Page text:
The Ninth Circuit reversed and held that there was a jury question on the existence of an Eighth Amendment violation, and it also held that if an Eighth Amendment violation were found, almost as a per se rule, then a qualified immunity could not apply.
Before we begin our argument, I think it is appropriate to recapitulate the constitutional tests which we believe that this Court has articulated governing an Eighth Amendment violation in a prison context.
We are mindful of this Court's admonition that the Eighth Amendment analysis is not simply constituted of parsing dictionary meanings of selected pieces of constitutional--
Unidentified Justice: Mr. Attorney General, I hate to interrupt you, but the Eighth Amendment is the only one involved in this case?
Mr. Frohnmayer: --We contend that it is, Justice Marshall.
It was the one that was argued below.
We have understood and the District Court understood the due process argument to have been advanced only because the due process clause was the vehicle of incorporating the Eighth Amendment guarantee as against the states.
Unidentified Justice: Mr. Frohnmayer, do you think the due process clause imposes some separate obligation applicable to the use of excessive force in this situation?
Would that be another way to analyze the problem?
Mr. Frohnmayer: Justice O'Connor, we do not believe that the... that that adds anything to the analysis that would flow otherwise under the Eighth Amendment.
Unidentified Justice: Well, do you think the standard should be the same if looked at under the due process clause for use of excessive force as for Eighth Amendment purposes?
Mr. Frohnmayer: Well, if it is a prison context, then I would suggest that no, that the Eighth Amendment should be the exclusive vehicle by which that is analyzed, or at least if the due process clause is considered the analysis--
Unidentified Justice: Why is that for a single incident that seems to have very little to do with conditions of imprisonment or with any aspect of punishment?
Mr. Frohnmayer: --Well--
Unidentified Justice: This is more or less a single incident in the process of putting down a prison riot, isn't it?
Mr. Frohnmayer: --It is a single incident, but the incident implicates the core of what it is that a prison is all about, which is the maintenance of security of people who are very dangerous people.
And so in that sense, I believe that this Court's analysis in Rhodes v. Chapman would consider it as an Eighth Amendment issue.
Under the due process clause, however, if that were the mode of analysis of this Court, we would conclude that there should be no difference in the analysis, that the tests ultimately would resolve themselves to the same result, and that that would be done by virtue of analyzing whether it was wanton, whether or not it was unnecessary in the sense that it lacked a penological purpose, and whether or not what was done was within the range of professional discretion.
And each of those things has been examined by this Court in the due process context, we believe in Bell v. Wolfish, Block and Rutherford, but the Eighth Amendment, focusing as it does on punishment and conditions of confinement, is the mode of analysis in which this case was argued at the beginning and which we believe is most appropriate for its disposition.
Unidentified Justice: General, I think the Ninth Circuit viewed this as an Eighth Amendment case--
Mr. Frohnmayer: Yes, it did, Justice Brennan.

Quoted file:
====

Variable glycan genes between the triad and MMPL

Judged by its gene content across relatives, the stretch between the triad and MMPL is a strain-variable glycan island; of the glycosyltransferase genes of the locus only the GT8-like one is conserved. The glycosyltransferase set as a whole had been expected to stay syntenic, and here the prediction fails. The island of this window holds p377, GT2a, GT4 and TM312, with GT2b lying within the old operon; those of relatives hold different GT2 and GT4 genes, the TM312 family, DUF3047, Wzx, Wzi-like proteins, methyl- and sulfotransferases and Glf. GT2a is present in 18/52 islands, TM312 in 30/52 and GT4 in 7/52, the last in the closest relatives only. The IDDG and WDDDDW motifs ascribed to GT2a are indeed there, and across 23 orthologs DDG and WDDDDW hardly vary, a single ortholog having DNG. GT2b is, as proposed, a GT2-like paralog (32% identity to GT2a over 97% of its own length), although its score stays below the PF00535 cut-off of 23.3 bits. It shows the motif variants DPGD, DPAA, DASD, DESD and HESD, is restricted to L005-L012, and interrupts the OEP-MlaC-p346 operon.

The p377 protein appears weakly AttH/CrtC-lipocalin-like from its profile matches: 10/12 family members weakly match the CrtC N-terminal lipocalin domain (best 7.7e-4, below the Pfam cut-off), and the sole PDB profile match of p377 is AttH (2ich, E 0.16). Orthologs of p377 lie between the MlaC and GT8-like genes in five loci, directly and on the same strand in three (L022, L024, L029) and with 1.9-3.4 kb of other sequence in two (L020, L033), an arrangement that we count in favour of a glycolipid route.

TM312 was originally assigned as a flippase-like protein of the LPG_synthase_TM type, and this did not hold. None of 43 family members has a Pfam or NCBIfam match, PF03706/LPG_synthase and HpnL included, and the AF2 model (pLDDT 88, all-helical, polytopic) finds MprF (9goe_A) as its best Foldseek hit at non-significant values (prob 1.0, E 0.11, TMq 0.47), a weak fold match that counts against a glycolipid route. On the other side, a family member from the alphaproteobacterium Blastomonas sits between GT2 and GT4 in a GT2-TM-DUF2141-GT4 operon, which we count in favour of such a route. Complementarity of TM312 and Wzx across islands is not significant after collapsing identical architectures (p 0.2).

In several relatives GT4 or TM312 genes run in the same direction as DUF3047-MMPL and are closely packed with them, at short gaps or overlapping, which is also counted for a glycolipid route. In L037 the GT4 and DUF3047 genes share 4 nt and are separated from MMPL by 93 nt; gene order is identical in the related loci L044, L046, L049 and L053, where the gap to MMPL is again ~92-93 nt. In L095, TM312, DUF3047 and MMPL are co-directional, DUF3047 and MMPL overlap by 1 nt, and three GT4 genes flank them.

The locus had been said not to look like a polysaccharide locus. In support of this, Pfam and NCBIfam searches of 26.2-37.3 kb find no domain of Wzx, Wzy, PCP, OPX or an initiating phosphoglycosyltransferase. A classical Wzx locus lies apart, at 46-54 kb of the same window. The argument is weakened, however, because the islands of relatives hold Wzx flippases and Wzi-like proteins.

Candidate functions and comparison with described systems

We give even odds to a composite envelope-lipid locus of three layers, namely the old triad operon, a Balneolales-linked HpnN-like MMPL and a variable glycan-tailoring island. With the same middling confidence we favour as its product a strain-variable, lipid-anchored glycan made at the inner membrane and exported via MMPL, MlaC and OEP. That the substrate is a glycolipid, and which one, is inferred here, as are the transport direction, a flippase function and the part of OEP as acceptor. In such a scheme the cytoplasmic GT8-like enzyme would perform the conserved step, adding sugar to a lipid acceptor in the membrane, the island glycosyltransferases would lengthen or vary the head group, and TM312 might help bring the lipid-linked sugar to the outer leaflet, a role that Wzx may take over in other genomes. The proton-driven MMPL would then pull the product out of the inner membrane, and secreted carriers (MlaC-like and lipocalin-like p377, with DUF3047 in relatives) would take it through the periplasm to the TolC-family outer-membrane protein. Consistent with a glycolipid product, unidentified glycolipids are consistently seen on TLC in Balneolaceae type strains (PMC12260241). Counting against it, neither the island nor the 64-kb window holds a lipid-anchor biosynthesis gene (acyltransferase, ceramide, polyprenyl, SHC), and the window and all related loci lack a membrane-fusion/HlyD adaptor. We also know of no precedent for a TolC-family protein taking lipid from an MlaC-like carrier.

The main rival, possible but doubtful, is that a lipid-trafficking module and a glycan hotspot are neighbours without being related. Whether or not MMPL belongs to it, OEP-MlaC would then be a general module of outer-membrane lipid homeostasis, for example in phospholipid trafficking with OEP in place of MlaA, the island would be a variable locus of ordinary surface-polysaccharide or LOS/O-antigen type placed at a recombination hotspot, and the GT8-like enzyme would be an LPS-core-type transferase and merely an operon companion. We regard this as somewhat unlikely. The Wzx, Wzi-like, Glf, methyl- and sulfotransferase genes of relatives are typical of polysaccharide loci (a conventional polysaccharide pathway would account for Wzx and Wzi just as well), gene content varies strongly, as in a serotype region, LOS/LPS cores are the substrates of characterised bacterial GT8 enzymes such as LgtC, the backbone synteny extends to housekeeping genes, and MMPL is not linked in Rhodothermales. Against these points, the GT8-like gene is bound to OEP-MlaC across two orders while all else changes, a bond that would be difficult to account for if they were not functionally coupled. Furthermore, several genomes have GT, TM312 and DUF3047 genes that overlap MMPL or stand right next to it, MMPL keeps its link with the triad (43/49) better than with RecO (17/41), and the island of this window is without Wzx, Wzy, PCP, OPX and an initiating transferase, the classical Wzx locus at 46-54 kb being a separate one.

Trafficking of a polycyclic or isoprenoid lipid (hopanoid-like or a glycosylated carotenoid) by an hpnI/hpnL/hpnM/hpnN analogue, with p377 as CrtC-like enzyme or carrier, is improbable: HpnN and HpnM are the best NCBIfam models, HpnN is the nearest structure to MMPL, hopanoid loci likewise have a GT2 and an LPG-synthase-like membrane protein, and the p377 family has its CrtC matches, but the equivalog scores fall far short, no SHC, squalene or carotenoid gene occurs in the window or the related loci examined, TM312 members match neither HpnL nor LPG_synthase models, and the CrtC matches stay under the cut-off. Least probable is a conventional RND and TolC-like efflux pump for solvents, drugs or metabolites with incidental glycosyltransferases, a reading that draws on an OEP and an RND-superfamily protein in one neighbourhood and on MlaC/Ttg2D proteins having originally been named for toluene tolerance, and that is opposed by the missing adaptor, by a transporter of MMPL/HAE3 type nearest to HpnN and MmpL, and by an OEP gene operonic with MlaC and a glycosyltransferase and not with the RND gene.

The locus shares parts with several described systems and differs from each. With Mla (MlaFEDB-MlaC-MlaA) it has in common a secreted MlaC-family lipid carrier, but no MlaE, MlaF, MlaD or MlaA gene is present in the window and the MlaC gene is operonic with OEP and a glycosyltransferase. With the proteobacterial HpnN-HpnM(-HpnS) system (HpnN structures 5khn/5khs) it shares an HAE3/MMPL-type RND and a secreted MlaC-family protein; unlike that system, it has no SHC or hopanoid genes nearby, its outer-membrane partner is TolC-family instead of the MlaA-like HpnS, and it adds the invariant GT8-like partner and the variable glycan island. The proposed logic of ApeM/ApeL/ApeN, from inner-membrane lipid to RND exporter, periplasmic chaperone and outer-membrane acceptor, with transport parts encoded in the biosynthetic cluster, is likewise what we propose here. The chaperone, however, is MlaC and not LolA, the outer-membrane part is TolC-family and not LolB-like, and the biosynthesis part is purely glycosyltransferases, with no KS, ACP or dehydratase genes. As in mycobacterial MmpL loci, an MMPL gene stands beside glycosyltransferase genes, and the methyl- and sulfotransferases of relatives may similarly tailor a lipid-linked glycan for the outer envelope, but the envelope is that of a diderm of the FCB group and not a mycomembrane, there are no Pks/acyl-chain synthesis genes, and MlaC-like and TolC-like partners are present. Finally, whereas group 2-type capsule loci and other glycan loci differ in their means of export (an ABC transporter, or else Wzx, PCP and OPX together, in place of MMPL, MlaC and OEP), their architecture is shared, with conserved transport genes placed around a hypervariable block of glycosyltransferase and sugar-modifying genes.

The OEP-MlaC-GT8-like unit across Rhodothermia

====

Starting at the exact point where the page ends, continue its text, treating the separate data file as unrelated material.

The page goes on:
Unidentified Justice: --Not a due process case.
And what standard do you think the Court of Appeals for the Ninth Circuit applied?
Mr. Frohnmayer: I think that the standard that was applied took pieces of what purports to be an Eighth Amendment test, but in the application of that test to what actually happened, as revealed by the record, in fact diluted it and watered it down.
What I think the Ninth Circuit did essentially was adopt a reasonableness test, a hindsight reasonableness test.
Unidentified Justice: It used the term "reasonableness" and "reasonable" several times, but it also referred to our decision in Estelle where a deliberate indifference was a standard.
So it seemed to me that the Court of Appeals for the Ninth Circuit used both of those standards more or less interchangeably.
Mr. Frohnmayer: We think that it did, and we think that that is, that is the flaw of the Ninth Circuit's decision because it's one thing to articulate at least the verbal formulas of the tests evolved by this Court.
It is quite another to apply them incorrectly.
And the latter is the flaw of the Ninth Circuit.
And as we understand what it did, it essentially evolves into a reasonableness test because the test of excessiveness as we look at the Ninth Circuit is simply was there some less forceful alternative that might have worked.
If that were the case, then a jury question on the reasonableness of the course of action that was chosen is presented.
We believe that is not what this Court meant by the deliberate indifference test nor by the other tests suggesting that the wanton infliction of pain or unnecessary in the sense that there is no penological objective is the appropriate test.
I hope I have been responsive to your question because I think it is the application of the test that constitutes the error made by the Ninth Circuit.
Unidentified Justice: The Court does purport to apply both standards and more or less homogenizes the two standards, doesn't it?
Mr. Frohnmayer: That is correct, that is correct indeed.
We are mindful, of course, that there is a core set of values of the Eighth Amendment that have been variously described as prohibitions against cruelty, barbarism or sadistic torture.
We are mindful also that there is an evolutionary aspect, whether one talks about Weems, Trop v. Dulles or others of the Eighth Amendment test, such that the... there must be some kind of social consensus about the excess of the punishment that is imposed.